Here is an option to make your required dark shadow show on a dark background. This is done in Illustrator.
This is a radial gradient from black to gray behind the blue circle which has an attached dark drop shadow.
If there were an actual light source to provide the shadow then there would naturally be some light spill off onto the dark background.
SVG documents can only be in RGB as far as I know. They can be automatically converted to CMYK on export from InDesign, but you can't export to a spot color like that.
I would either:
Open the SVG in Illustrator. Change the colors to the wanted spot color. Save as an AI or PDF file and relink in InDesign.
Open the SVG in Illustrator. Select the logo and ...
I have a few suggestions:
Apply the dark shadow but don't worry much about it being not much visible. On fully dark black background (e.g. #000000), you can't create any dark grey shadow that's darker than background. It could be almost true in real world.
Also, you say it disappears completely, but I can still see some of it when I tried it. Maybe the ...
Yes, there is always a significant difference between RGB and CMYK whatever conversion you're doing.
Yes, RGB tends to be significantly brighter and/or more saturated, than the converted CMYK equivalent.
No, the final print on paper will not look like any of the RGB and CMYK variations on-screen. The end product will also look slightly off.
No, the designer ...
Use the personalized option and move each color selector individually.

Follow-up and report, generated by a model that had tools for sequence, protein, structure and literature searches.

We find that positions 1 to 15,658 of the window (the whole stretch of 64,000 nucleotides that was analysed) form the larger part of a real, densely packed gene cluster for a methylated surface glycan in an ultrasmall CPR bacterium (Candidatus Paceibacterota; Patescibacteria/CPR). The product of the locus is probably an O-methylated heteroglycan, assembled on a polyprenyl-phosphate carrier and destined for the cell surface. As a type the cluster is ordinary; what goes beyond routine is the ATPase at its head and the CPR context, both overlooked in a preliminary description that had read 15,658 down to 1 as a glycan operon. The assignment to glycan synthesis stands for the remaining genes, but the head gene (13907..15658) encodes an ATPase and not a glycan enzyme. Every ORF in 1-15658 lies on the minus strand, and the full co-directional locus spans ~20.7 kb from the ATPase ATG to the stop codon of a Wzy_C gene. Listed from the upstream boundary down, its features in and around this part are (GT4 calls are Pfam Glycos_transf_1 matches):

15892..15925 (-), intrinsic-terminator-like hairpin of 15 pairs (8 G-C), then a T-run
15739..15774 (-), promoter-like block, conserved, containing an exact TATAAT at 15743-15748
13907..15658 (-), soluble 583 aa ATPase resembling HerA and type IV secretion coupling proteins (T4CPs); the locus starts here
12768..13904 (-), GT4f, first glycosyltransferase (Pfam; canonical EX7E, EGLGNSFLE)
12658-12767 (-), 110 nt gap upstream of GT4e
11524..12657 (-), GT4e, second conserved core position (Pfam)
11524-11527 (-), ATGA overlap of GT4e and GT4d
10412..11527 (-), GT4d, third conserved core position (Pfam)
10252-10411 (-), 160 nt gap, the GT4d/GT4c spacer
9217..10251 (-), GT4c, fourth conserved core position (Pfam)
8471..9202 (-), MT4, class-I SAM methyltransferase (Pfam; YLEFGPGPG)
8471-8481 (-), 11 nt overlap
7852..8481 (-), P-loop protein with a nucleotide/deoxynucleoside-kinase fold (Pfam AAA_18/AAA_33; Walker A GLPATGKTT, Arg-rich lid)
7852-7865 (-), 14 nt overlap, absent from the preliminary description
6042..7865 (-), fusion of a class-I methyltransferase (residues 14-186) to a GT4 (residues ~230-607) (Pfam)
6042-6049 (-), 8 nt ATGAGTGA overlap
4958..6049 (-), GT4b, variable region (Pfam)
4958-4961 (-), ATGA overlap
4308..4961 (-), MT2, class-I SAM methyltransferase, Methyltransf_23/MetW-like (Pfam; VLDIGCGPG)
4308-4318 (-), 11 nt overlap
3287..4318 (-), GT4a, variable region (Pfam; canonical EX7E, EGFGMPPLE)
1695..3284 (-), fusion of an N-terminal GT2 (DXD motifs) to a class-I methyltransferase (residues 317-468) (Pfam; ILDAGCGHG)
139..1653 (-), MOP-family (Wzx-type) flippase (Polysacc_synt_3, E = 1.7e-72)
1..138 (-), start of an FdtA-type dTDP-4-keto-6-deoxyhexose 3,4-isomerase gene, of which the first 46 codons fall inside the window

Design is not a recipe, it should be a methodology, and fortunately, it still has one human component of "taste" and personal preferences.
Complementary does not mean an exact mathematical opposite. It is also relative, because there are many "opposites" depending on ...
Color theory, or atleast its naive implementation, is almost certainly somehow broken. Why?
If you are selecting based on a color wheel. Then your entire selection crieria is perdicated on the fact that the color wheel is correct. But you have many different color wheels. Thus many different selections are possible to fullfill the result it just depends on ...
Try (RGB) = (73, 152, 255) with 35% opacity. Numbers have base=10. No guarantee, I cannot be sure how close the shown image is to your original. Can easily cause 1 unit errors due roundings.
ADD: It's calculated with the well known elementary mix formula. RGB component A in top layer with opacity P and the same color component B as opaque in bottom layer ...